Left to right, this rack of steel includes: three small torso targets; “hostage” set up with white swinger that rotates back and forth about hostage’s head when hit; interesting set-up with “center of mass” swinger and “head shot” plate that flips up to show a white hit indicator; and finally, standard Dueling Tree.


FORCE-ON-FORCE

The Force-On-Force Shoot House is basically a quick low/no light experience combined with force-on-force elements pitting students against each other in the facility.

This is Murphy’s personal shoot house, and as the new licensed owner/operator/lead trainer of the Surefire Institute, you can be sure that any and all weird and challenging entry/hallway/room scenarios will be represented here for your pleasure.

Bring your light and get ready to be shot.

Obviously it is virtually impossible to get any decent photos in a low/no light environment, and as it turns out there are a couple of techniques Bill would rather not have illustrated anyway, so just close your eyes to get some idea of the environment in the shoot house.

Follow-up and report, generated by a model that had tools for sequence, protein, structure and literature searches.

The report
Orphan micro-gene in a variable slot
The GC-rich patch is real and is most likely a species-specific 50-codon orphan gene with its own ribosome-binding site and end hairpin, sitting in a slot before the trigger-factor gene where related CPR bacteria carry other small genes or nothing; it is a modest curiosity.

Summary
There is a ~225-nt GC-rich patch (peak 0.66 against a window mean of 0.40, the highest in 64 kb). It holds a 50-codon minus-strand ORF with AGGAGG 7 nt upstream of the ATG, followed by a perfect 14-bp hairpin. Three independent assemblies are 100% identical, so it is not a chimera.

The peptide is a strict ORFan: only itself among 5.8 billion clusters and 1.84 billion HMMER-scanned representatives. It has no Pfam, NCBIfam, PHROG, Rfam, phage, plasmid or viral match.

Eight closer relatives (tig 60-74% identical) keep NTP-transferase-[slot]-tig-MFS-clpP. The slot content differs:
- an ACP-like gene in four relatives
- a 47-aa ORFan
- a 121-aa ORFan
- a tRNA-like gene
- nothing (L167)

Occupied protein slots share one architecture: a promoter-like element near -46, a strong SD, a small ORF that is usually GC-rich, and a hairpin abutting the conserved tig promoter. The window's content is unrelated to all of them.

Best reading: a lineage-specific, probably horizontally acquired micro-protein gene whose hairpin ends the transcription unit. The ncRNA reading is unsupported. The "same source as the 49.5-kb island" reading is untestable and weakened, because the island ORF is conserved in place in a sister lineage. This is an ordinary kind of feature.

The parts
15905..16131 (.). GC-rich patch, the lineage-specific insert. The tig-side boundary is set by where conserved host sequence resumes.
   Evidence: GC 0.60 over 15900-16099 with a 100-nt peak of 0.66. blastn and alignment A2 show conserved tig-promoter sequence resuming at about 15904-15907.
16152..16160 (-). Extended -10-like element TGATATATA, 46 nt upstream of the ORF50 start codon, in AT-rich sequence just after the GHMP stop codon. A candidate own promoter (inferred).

The competition aspects of shooter against time and shooter against shooter help raise the adrenalin level of the training experience, but there is really nothing like force-on-force training to get as real as possible without casualties. Whether it is an Airsoft gun, a paintball gun, or a SIMS cartridge from an adapter, you will remember where and how you got shot, and you probably won’t let that happen again the same way.

The more force-on-force training you do, the clearer certain things become about lighting, movement, concealment, and hard cover. It also becomes easier to remember what you should be doing at any given moment to not get shot.

That’s sure worth something in my book.

Bill Murphy is happy to accommodate revolver shooters in just about any of his handgun classes, so you can show up with a wheelgun and “shoot what you brung” without fear of scorn or discontent.

If you’re lucky enough to get in on one of the revolver classes Bill runs, you’ll need to come early, bring lots of ammo and be ready for a long day of shooting. The good news is that the long day translates into lots of good fun and new knowledge/skills to take home with you.

As above, Bill has just licensed all rights to the Surefire Institute for low/no light CQB, so he will have two separate class schedules, including his Firearms Training Associates classes.

SOURCES:

Firearms Training Associates
Dept. S.W.A.T.
Box 554
Yorba Linda, CA 92885-0554
(714) 701-9918
www.ftatv.com

The Surefire Institute
Dept. S.W.A.T.
5391 Oceanus Drive
Huntington Beach, CA 92649
(714) 695-0163
www.surefireinstitute.com